"It's a show that's known worldwide, that's watched by all kinds of people," Cine said. "I love the show because it has a combination of action, comedy and drama. It's real-world [issues and scenarios] but in anime form and with added superpowers and cool stuff."
Cine and his Vikings teammates are accustomed to fans asking them for photos and autographs. When Gibis attended training camp, however, the tables were turned.
Despite a hard practice on a humid afternoon, Cine and Williams gained a childlike burst of energy when they saw Gibis, running excitedly over to meet him.
"Aww, man. What a drag," Gibis said in character, referencing one of Shikamaru's common lines.
Cine and Williams laughed in disbelief, hearing Shikamaru come to life before their eyes.
"When he did the voice, it brought back all my memories of watching it," Cine said. "It was so great."
Added Williams: "Just hearing him, he started going into character a little bit, and of course he sounds exactly him, so it was definitely dope."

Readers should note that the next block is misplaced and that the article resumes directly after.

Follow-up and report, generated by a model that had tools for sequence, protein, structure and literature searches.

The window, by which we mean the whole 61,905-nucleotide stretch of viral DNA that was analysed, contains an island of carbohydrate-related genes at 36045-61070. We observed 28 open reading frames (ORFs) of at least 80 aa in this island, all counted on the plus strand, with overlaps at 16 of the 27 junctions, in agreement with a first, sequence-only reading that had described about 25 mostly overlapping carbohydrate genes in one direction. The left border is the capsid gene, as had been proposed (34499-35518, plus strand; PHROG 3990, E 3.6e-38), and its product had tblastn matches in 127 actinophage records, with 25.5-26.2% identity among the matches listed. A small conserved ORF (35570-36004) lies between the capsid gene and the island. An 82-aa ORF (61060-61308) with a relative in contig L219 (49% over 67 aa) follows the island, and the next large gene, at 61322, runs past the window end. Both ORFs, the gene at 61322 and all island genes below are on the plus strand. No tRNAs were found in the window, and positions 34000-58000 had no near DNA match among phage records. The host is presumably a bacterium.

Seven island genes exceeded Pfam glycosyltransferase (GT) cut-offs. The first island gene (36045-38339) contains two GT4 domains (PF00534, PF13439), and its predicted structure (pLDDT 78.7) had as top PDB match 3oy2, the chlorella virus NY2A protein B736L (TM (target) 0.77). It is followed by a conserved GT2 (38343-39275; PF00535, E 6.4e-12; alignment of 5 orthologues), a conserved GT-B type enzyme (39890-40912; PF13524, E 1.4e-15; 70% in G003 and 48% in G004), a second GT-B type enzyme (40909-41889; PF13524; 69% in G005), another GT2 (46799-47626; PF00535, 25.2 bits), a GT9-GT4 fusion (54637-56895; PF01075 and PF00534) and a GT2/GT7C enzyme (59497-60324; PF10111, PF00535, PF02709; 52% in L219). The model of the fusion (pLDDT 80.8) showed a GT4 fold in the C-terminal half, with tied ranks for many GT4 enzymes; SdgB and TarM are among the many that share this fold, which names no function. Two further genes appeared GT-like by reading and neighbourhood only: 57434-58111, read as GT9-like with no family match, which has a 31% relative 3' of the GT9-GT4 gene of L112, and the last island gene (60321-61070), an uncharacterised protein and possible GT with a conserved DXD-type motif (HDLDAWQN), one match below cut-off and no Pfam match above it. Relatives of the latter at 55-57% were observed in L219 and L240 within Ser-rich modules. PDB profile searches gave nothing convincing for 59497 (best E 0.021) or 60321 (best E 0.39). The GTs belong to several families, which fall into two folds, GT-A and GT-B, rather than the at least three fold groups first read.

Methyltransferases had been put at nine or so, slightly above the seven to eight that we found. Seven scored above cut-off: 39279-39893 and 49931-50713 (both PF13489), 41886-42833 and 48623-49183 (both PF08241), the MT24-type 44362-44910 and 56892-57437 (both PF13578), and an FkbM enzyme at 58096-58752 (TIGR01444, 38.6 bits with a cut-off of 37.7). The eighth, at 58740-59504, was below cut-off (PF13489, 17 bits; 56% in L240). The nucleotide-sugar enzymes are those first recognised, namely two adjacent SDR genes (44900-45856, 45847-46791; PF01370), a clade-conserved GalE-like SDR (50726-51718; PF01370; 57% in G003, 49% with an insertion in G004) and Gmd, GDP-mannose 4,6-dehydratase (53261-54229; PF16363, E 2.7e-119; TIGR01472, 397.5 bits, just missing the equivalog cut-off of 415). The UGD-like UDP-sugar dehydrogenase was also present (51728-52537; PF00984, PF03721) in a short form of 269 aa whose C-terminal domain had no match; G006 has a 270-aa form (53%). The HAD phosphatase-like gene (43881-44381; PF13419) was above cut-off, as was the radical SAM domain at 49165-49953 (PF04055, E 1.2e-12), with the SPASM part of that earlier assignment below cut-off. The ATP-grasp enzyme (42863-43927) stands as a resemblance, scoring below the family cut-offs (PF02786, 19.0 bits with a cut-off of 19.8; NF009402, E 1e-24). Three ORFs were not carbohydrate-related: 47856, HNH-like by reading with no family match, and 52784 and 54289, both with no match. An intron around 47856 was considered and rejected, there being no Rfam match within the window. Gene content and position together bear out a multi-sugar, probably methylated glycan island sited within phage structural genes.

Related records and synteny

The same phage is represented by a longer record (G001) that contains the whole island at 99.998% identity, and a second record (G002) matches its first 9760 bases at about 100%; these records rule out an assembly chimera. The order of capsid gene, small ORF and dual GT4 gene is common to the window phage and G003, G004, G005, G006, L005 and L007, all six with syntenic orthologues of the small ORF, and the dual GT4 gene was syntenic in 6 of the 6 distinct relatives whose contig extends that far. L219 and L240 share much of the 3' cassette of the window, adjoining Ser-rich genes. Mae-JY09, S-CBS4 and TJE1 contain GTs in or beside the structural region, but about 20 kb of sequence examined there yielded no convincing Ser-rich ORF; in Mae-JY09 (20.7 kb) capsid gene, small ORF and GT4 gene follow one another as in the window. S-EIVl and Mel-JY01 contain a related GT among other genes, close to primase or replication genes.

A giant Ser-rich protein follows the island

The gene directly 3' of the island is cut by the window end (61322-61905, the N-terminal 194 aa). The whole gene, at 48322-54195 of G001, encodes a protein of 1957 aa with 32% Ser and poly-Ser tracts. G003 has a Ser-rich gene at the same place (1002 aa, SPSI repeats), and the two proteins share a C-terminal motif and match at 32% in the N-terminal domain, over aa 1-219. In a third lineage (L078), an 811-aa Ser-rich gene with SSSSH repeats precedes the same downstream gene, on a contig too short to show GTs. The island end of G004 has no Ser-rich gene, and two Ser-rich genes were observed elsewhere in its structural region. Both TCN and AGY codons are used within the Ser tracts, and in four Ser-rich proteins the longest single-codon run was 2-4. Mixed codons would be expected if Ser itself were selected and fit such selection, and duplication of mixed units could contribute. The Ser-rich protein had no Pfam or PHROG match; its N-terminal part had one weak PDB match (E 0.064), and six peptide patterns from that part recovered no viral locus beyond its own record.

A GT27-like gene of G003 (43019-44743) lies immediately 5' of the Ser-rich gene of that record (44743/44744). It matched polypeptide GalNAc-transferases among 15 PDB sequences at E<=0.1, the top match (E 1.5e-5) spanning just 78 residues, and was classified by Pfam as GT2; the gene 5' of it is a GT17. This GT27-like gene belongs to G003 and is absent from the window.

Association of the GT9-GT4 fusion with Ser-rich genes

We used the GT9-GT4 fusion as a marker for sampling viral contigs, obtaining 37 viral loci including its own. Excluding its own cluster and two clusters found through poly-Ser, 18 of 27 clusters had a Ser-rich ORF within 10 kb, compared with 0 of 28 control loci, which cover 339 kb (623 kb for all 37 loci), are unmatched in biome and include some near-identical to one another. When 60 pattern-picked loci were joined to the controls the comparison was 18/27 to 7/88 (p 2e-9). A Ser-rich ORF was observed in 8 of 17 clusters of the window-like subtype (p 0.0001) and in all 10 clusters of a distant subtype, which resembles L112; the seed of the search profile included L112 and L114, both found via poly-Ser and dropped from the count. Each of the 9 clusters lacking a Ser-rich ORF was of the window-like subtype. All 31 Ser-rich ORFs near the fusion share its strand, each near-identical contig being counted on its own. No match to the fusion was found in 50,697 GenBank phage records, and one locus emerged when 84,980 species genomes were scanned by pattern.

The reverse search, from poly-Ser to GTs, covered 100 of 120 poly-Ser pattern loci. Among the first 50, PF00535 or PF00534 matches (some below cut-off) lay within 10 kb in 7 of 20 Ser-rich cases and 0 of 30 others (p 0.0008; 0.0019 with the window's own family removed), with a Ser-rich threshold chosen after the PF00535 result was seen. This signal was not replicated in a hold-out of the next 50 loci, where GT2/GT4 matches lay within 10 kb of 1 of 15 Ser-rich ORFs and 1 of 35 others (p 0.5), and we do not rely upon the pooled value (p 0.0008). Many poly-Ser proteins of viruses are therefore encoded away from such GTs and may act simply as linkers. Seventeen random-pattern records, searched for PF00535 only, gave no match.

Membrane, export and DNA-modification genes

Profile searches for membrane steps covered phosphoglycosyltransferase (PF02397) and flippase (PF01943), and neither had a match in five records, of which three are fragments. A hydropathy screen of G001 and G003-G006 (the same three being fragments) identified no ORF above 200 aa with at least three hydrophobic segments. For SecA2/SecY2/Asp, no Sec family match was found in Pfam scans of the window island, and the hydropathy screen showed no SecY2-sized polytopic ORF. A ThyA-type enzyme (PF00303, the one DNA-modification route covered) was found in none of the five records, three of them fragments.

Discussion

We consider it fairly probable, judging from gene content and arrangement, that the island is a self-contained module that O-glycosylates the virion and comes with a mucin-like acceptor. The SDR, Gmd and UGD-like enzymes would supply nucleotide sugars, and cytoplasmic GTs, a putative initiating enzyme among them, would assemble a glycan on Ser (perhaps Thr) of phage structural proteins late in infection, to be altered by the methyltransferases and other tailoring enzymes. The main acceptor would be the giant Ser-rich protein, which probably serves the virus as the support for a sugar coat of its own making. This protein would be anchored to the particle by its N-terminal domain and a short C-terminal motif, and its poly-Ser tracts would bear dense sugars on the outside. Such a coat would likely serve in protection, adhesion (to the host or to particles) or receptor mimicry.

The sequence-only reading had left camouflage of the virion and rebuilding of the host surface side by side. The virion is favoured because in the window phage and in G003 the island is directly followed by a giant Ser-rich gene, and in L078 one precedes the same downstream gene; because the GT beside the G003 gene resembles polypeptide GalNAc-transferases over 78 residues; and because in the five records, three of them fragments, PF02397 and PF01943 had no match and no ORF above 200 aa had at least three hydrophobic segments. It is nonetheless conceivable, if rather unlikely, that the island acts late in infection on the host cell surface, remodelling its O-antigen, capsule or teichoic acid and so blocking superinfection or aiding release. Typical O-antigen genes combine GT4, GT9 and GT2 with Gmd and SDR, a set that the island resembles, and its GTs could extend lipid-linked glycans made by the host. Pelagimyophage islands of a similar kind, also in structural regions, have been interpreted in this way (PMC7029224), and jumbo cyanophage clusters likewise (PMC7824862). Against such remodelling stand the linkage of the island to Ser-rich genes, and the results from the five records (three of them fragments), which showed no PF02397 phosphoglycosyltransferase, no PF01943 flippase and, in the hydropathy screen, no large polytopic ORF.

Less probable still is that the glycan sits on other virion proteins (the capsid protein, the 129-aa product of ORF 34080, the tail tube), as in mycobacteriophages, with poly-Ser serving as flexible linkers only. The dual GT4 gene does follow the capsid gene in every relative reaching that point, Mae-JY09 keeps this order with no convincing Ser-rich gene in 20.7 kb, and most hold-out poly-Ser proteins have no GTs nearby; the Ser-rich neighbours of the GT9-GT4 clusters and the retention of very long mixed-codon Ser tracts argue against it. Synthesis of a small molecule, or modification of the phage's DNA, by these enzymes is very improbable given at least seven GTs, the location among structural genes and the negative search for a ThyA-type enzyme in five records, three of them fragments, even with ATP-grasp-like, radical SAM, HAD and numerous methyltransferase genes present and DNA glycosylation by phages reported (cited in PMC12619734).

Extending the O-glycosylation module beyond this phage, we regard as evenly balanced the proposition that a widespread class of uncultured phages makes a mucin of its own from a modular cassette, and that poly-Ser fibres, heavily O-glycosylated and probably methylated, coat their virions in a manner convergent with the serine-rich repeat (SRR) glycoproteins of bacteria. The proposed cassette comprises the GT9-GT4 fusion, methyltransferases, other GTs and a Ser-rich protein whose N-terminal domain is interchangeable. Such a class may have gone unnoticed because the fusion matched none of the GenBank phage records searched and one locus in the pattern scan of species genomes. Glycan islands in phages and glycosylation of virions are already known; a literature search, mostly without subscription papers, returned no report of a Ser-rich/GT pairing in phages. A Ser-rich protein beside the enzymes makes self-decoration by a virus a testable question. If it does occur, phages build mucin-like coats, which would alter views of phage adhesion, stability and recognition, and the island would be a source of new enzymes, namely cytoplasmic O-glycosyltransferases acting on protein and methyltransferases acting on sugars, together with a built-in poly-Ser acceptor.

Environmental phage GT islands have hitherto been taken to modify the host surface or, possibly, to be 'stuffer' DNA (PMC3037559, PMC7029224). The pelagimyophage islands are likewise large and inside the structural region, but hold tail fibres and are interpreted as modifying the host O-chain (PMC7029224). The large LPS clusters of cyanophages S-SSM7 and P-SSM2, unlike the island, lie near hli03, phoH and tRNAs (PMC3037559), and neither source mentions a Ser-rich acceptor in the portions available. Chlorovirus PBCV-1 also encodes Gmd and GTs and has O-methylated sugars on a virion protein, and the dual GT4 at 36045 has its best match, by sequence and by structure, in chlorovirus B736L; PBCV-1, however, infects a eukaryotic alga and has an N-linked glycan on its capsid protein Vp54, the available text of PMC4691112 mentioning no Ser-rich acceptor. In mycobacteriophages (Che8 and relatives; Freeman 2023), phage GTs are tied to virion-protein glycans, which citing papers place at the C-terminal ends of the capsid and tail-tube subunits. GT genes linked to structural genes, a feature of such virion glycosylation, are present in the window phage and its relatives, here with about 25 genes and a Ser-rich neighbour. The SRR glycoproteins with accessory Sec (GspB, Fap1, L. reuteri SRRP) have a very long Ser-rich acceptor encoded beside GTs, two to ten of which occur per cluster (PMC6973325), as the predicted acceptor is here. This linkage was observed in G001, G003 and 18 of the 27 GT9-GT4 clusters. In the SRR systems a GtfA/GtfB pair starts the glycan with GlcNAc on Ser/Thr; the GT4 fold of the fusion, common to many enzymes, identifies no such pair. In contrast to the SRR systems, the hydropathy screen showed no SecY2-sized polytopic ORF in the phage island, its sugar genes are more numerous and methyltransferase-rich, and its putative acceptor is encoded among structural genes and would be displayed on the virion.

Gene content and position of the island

Gibis first learned of Cine's fandom when the safety mentioned Naruto during a press conference this past spring.
Cine noted that he'd binge-watched the series throughout his recovery from a broken leg suffered at London last season.
"Anime has always been an interest of mine," Cine said, "but at the time of that injury, I really dived into Naruto. I tried to stay around football as much as possible, but sometimes I needed a break, and watching Naruto was a mini escape. It felt good. My mental space was right, and I could [connect] with my inner child, in a way."
Williams resonated with Cine, saying he's watched anime since childhood.
"Growing up, that was an escape," he said. "Watching Old Toonami and Dragon Ball Z. That was huge for me, and it just became a part of my lifestyle, part of my culture.
"And I love drawing, so I just loved sitting there trying to draw the characters while it was on TV," added Williams, who intends to one day travel to Japan to learn even more about the anime culture. "It just became something special for me."